US 4111262 A
A tubular, flexible rubber-like junk boot is positioned on the lower end of a drill string, blade-type stabilizer to catch small but dense particles of debris which are not removed from the hole by the drilling fluid. The boot has means on its lower end for clamping the boot in place.
1. A junk collector boot useful in earth boring operations comprising:
an elongated tubular body made of self-supporting, flexible, rubber-like material adapted to fit over a drill string component, such as a stabilizer, for minimizing lateral movement of the drill string, the inner wall of said body having a diameter larger than said component to define an annular space between the boot and the component, said boot having a lower end of reduced diameter to engage said component and to close the lower end of said space, with the upper end of said boot being spaced from said component to provide an entry to said space;
means for clamping the lower end of said boot to said component; and
means forming an outwardly facing annular groove on the lower end of said body for receiving said clamping means, the exterior of the lower end of said body tapering outwardly to form an annular flange which forms the lower wall of said groove, said body further having a cylindrical wall above said flange forming a wall of said groove, and said body tapering outwardly and upwardly above said cylindrical wall.
2. The boot of claim 1 including an inwardly extending annular rib formed on the lower end of said body to fit within a groove formed by said component.
3. A drilling assembly comprising:
a tubular drill string component including upper and lower portions having means formed thereon for connection to other drill string components, and an intermediate portion having a diameter larger than said lower portion;
an alongated tubular boot mounted on said component lower portion with the lower end of the boot being formed to engage said lower portion, the outer diameter of said boot being less than the outer diameter of said component so that drilling fluid can flow upwardly between the boot and the surrounding drill bore, said boot having an interior cylindrical wall above said lower portion spaced from said component and open at its upper end to define a spacer for collecting debris in drilling fluid which is pumped upwardly past the boot, said debris settling into the open upper end of the boot when the pumping is interrupted, and clamping means surrounding said boot lower end to hold the boot lower end against said component and to prevent vertical movement of the boot; and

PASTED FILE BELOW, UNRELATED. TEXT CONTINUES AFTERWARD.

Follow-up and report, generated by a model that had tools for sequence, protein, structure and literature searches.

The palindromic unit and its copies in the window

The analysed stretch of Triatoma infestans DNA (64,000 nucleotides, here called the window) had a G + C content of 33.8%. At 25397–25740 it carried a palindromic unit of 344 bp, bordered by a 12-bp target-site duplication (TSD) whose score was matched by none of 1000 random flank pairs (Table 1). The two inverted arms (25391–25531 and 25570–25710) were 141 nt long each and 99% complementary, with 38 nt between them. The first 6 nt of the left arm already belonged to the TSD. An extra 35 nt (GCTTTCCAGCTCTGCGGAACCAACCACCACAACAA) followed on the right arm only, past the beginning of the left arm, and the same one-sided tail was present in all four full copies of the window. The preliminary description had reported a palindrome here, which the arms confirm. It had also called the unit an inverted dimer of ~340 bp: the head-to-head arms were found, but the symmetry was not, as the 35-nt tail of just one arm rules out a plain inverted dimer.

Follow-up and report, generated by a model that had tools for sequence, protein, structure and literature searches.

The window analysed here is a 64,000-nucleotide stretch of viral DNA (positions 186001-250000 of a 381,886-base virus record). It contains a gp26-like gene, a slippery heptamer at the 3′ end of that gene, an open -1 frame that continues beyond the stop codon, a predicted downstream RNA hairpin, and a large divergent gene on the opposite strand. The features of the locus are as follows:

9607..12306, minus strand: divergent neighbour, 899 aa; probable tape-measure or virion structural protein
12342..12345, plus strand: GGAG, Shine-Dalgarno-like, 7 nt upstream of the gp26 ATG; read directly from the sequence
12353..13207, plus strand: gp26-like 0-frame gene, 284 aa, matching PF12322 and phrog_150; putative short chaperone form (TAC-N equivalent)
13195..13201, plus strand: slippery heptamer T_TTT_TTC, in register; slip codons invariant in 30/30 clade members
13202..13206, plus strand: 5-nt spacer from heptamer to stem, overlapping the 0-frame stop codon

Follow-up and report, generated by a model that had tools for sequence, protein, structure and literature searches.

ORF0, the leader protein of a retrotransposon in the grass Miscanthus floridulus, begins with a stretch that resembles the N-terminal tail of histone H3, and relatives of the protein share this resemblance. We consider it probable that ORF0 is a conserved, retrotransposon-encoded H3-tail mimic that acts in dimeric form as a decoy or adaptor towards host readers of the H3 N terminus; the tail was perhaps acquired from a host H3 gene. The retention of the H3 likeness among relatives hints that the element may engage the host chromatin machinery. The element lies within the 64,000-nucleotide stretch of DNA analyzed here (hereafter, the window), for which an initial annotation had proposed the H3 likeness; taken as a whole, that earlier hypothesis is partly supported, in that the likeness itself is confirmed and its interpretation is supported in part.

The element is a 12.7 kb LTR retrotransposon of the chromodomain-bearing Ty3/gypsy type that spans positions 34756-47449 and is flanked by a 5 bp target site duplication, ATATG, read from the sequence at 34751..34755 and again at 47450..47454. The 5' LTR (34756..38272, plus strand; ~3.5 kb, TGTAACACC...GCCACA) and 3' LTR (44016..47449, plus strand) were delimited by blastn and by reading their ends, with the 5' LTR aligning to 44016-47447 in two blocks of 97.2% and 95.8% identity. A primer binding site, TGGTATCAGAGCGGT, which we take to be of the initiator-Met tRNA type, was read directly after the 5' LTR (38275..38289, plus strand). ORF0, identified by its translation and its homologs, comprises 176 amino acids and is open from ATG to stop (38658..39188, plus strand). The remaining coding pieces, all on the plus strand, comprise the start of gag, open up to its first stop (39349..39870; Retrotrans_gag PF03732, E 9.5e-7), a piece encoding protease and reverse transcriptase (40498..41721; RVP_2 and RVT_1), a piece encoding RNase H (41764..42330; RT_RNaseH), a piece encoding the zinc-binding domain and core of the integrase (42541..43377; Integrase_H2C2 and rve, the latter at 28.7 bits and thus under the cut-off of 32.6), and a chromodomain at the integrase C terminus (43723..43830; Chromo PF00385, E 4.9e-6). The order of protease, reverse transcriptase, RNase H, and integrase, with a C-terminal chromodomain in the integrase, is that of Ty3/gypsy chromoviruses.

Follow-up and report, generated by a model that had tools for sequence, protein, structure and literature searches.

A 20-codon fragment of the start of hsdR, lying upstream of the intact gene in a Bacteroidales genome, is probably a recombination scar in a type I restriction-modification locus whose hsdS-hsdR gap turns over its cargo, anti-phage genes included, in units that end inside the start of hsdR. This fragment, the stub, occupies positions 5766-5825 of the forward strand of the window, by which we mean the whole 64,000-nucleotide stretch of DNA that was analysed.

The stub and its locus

said boot having means on said lower end forming an inwardly extending annular rib which fits within a groove formed by the lower portion of said component, said boot further having means on the exterior of said lower end defining an outwardly facing annular groove surrounding said rib for receiving said clamping means.
4. The assembly of claim 3 wherein the exterior of the lower end of said body tapers outwardly to form an annular flange which forms the lower wall of said groove, said body further having a cylindrical wall above said flange forming a wall of said groove, and said body tapering outwardly and upwardly above said cylindrical wall.
This invention relates to earth boring or drilling operations and more particularly to an improved system for removing particles from the bottom of a drilling hole that are too dense to be removed by the drilling fluid.
In one type of oil-well drilling or other earth boring operation, a drilling fluid is circulated down through the center of a drill string onto the cutting area and then up between the drill string and the surrounding walls of the hole to carry the drill cuttings to the surface surrounding the top of the hole. Fluid circulation systems for deep drilling operations are typically designed to remove rock-chip particles up to about 1/4 inch diameter. Most such rock chips will have specific gravities ranging from 2.3 to 2.6. The properties of the drilling fluid and the fluid flow velocities are maintained with a matching velocity through the annulus of the hole to provide adequate transport for particles of such density. However, particles having higher specific gravities cannot be circulated to the surface with most normal fluid densities and annular velocities unless they are somewhat smaller in size.
For example, broken teeth from steel tooth bits have a specific gravity of approximately 7.5, and portions of sintered tungsten carbide teeth have a specific gravity of 14. These particles often do not reach the top of the well unless they are no longer than three-sixteenths of an inch diameter. The particles larger than approximately three-sixteenths of an inch are circulated up the hole around the bottom hole assembly where the fluid flow characteristics are quite turbulent due to high velocities, but once reaching an area where the flow is more laminar, because of reduced velocities which result rom increased cross-sectional flow areas, through the main annulus between the drill string and the hole, they tend to settle down the hole a ways and then are circulated upwardly again. In other words, these particles tend to stay somewhat suspended in the drilling fluid until they are ground or broken into smaller particles by bit action during times when they are on bottom.